Diffrent types of unemployment and the possible demand side and supply side policies

Essay by xhxbtUniversity, Bachelor'sB, February 2009

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Unemployment is a pressing economic problem across countries over different periods of time. Unemployment may be defined as the state in which individuals who are available to work and actively seeking jobs remain unemployed (Mankiw, 2007; Colander, 2004). It has adverse effects not only on individuals but also on the whole economy (Dornbusch et al, 2004). Hence, it is crucial that nations concentrate on unemployment issue and deal with it appropriately. Although some unemployment is inevitable, policies like monetary and fiscal policies are accessible ways to mitigate the severe consequences of unemployment. This essay will outline three types of unemployment and explain the possible demand side and supply side policies associated with evaluations.

Generally, economists divide unemployment into three categories: frictional unemployment, structural unemployment and cyclical unemployment. Firstly, frictional unemployment is unemployment due to qualified individuals' transitions between jobs (Mankiw, 2007; Arnold, 2004). It is inevitable even when the economy is operating at full because labor demand changes incessantly, inducing people to move between jobs (Mankiw, 2007; Colander, 2004).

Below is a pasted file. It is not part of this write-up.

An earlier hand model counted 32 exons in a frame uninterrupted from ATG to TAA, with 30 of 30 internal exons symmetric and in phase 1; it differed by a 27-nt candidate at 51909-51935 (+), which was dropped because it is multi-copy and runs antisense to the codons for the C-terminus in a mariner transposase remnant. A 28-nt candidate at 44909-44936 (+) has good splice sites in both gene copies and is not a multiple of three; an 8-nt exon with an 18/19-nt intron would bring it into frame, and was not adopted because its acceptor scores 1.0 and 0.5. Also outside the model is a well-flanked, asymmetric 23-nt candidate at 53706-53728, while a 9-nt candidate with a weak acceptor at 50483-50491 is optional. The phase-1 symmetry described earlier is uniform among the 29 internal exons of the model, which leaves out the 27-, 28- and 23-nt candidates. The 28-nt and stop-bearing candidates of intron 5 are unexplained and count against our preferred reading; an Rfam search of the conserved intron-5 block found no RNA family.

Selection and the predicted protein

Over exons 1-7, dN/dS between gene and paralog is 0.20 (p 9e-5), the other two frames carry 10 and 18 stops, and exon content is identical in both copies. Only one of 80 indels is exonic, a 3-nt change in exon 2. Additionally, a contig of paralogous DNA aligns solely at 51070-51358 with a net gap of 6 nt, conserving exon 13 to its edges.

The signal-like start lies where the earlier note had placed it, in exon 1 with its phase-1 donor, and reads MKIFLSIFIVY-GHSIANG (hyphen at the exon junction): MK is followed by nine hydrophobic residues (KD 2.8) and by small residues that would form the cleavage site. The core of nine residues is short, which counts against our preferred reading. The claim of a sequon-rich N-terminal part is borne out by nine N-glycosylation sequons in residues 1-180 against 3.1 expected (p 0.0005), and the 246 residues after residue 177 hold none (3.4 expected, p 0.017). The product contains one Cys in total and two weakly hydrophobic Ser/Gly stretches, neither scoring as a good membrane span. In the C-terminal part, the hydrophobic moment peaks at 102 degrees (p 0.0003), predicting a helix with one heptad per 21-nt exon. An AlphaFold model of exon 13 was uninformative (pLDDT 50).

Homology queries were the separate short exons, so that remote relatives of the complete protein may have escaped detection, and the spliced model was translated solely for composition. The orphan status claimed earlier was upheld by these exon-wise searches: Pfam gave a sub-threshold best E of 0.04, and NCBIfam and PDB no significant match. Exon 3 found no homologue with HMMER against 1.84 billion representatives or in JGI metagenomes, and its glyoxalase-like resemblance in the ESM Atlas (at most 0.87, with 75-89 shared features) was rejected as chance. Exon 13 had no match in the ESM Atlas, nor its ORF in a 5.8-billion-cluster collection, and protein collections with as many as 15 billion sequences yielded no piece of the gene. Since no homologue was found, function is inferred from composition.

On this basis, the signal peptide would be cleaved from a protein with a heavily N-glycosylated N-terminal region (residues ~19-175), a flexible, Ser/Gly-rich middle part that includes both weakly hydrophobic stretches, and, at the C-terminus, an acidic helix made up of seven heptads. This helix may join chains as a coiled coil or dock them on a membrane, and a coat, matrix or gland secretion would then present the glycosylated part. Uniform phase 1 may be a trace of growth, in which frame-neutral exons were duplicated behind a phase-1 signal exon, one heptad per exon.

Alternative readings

However, the fact is that people have different abilities and preferences, while skill requirements of jobs differ, and information about jobs spreads always slowly as well (Mankiw, 2007; Dornbusch et al, 2004; Institute for Fiscal Studies Virtual Economy, nd). Hence, frictional unemployment arises because it is time-consuming for workers to find an appropriate new jobs and matching workers with jobs is not instantaneous (Mankiw, 2007; Arnold, 2004). Secondly, structural unemployment is unemployment arises because inadequate supply of jobs in some labor markets cannot meet the demand for jobs owing to economic restructure (Mankiw, 2007; Colander, 2004). Economy develops with structural changes, thus, creating demand for one kind of labor and eliminate another kind of job opportunities (Mankiw, 2007; Samuelson and Nordhaus, 2002; Arnold, 2004). Therefore, employees who have no transferable skills...